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The Three “Ws” of Reflection

In the last blog post we spoke about influence and its importance to leaders.  This post focuses on reflection and its role in helping leaders influence those around them.  The key point? Before you can influence others, you need to learn about yourself and identify what you want to influence.

What is reflection?

First, let’s look at a simple, working definition of reflection. It is a distinctly human ability to reflect on our actions and by doing so, participate in continuous improvement and learning. In the particular case we are looking at, it is reflection on our experience in the workplace pertaining to our roles as leaders. It is a method of personal professional development and at the same time allows us to more easily relate it to what others are doing and thinking.  It becomes a leader’s point of reference as they lead others.

Barnett and O’Mahony in their work “Developing a Culture of Reflection: Implications for School Improvement” state:

“Therefore we define reflection as a learning process examining current or past practices, behaviors, or thoughts in order to make conscious choices about future actions. This definition implies that reflection is the combination of hindsight, insight, and foresight.”

It should be tied to our core values and beliefs.  So for example, when reflecting on action or decision we might ask ourselves, “I believe all people should be treated with respect.  Was my action respectful of the people it affected? How?” The first question asks if the action was aligned to our belief that all people should be treated with respect.  The second question forces us to think how it is aligned-what are the specific factors that made it respectful.  Reflecting on the how, helps insure we can replicate good decisions. 

Three Steps of reflection

Step One: What Happened?

Think about what happened. Identify the details, the facts and be concrete. Here are some sample questions to guide this part of the process:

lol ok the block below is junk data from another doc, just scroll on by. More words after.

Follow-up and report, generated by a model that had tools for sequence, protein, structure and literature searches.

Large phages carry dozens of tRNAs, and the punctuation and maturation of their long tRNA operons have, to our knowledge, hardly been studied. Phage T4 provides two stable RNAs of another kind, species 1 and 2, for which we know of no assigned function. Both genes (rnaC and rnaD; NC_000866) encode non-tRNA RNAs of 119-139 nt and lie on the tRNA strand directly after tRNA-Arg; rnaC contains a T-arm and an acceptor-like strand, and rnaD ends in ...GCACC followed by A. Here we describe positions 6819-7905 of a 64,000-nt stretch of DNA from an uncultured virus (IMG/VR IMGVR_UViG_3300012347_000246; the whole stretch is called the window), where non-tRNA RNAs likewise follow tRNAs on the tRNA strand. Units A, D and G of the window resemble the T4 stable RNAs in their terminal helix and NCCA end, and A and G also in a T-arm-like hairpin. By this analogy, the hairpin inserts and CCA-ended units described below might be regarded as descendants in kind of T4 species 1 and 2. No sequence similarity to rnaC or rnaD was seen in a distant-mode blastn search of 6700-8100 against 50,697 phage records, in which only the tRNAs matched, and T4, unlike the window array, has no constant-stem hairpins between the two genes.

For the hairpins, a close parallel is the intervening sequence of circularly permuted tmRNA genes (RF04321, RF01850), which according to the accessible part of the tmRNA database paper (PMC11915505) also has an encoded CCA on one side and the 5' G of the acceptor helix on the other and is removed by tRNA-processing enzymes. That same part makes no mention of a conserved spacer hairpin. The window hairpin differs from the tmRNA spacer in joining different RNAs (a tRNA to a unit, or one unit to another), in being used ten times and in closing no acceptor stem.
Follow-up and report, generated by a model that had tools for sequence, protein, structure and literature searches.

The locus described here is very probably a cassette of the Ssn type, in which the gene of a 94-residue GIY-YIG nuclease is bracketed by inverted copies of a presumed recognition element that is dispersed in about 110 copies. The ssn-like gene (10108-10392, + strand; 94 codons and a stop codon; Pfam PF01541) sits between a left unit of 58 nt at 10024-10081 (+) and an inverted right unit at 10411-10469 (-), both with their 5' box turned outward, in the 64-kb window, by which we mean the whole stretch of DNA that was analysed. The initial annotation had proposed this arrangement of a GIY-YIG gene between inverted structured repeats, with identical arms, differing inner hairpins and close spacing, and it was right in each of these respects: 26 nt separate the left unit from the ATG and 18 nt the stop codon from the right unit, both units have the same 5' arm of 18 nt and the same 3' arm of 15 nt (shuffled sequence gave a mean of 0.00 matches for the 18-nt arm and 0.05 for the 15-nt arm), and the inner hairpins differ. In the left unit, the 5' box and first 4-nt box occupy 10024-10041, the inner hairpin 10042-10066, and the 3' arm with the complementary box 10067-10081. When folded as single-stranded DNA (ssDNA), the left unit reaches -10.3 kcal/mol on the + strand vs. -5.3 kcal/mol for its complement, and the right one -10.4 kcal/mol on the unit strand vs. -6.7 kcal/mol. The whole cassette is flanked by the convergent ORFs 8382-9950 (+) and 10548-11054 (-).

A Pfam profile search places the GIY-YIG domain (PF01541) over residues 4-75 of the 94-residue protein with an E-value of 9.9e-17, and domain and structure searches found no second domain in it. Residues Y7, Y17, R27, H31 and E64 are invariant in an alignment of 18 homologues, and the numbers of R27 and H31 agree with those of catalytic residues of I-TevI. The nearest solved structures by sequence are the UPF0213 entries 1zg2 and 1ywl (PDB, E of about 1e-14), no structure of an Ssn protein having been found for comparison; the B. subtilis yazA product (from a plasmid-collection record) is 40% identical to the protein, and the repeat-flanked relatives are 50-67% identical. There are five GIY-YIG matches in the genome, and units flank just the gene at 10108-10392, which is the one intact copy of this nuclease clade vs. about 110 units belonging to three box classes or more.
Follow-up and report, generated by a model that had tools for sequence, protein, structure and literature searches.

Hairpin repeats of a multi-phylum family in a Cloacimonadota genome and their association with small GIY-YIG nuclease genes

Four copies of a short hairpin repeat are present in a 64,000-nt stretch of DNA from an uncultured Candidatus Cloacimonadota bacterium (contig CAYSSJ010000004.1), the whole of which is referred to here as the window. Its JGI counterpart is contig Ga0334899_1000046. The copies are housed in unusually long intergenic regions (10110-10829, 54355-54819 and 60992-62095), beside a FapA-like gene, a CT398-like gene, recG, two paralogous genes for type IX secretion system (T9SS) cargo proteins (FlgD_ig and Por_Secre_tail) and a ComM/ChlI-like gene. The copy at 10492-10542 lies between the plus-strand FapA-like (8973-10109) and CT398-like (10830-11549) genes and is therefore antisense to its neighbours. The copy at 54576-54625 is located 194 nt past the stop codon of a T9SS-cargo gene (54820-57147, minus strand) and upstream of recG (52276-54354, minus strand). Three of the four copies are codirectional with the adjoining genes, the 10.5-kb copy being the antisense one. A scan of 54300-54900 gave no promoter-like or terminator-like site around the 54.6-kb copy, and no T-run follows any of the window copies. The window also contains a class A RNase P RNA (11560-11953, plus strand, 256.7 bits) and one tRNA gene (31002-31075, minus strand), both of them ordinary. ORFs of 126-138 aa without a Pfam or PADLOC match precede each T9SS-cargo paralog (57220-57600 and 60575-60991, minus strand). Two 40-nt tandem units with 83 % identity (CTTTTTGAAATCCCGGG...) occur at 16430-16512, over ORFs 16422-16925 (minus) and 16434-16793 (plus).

• What led up to the event?
  • Who was involved?
  • What happened during the event?
  • How did the event conclude?
  • What were you trying to accomplish?
  • What were the others involved trying to accomplish?

Step Two: Why Did It Happen?

In Step Two, we reflect on both the why and what we have learned. Again, we need to be as concrete as possible. Questions should include:

  • Why was this important to you?
  • Was it important to the others involved?
  • Why did it conclude the way it did?
  • Were their indicators/signs of this issue that could have been identified earlier?
  • Would that have affected the outcome?

Step Three: What Did We Learn?

Reflection is, in a sense, a process of monitoring ourselves and our actions.  As with every monitoring process, an essential element is analysis and application of the new information we learned.  Questions for this important step include:

  • How do you move forward?
  • What would you do the same or differently?
  • How can you anticipate future such interactions?
  • Why is what I learned important to me as a leader?
  • Why is what I learned important to the people I lead?
  • What are the pros and cons of using this information to guide my leadership style moving forward?
  • How best can I share what I have learned?

Why Reflect?

An important question to answer is, “Why?”  Everyone’s day is pretty filled already.  Why should you add something else to your plate? 

First I believe firmly that when reflection is done well, you end up managing your time well. You focus your energies on that things that matter. The things that are going to bring back not only the best returns, but also support your leadership vision.

Second, answering the questions above as part of a reflective process can help you become a more effective “change agent.”  Leaders who question themselves and analyze their actions more easly identify where they can have the most leverage and what actions can make best use of that leverage and influence.

Third, it is an exercise in self-discovery and know who you are makes it easier for you to choose actions that will demonstrate who you are to the people you lead.  Reflection helps you stay true to your convictions, beliefs and principles and that makes it easier for people to trust you.

Fourth, you develop and model a mindset of continuous improvement.  It helps create a mindset that let’s everyone know, “We need to keep learning.”

Conclusion:

Finally, you need to the most comfortable way to document your reflections.  I use https://jrnl.com/ . It is free and searchable.

Reviewing several months or a year of reflections can help you see patterns of success and failures. Looking at the big picture as opposed to only individual circumstances yields more information that can support your leadership style. 

Brad Lomenick, author of “Humble, Hungry, and Hustle,” writes that your leadership success is built upon habitual work:

“It is worked out every day in the tasks we complete, the ways we approach our work, and the rhythms we nurture in our lives. It hangs on the hooks of the patterns we create, not just the success we may stumble upon.” 

We don’t always learn from doing, we can always learn by reflecting on what we have done.

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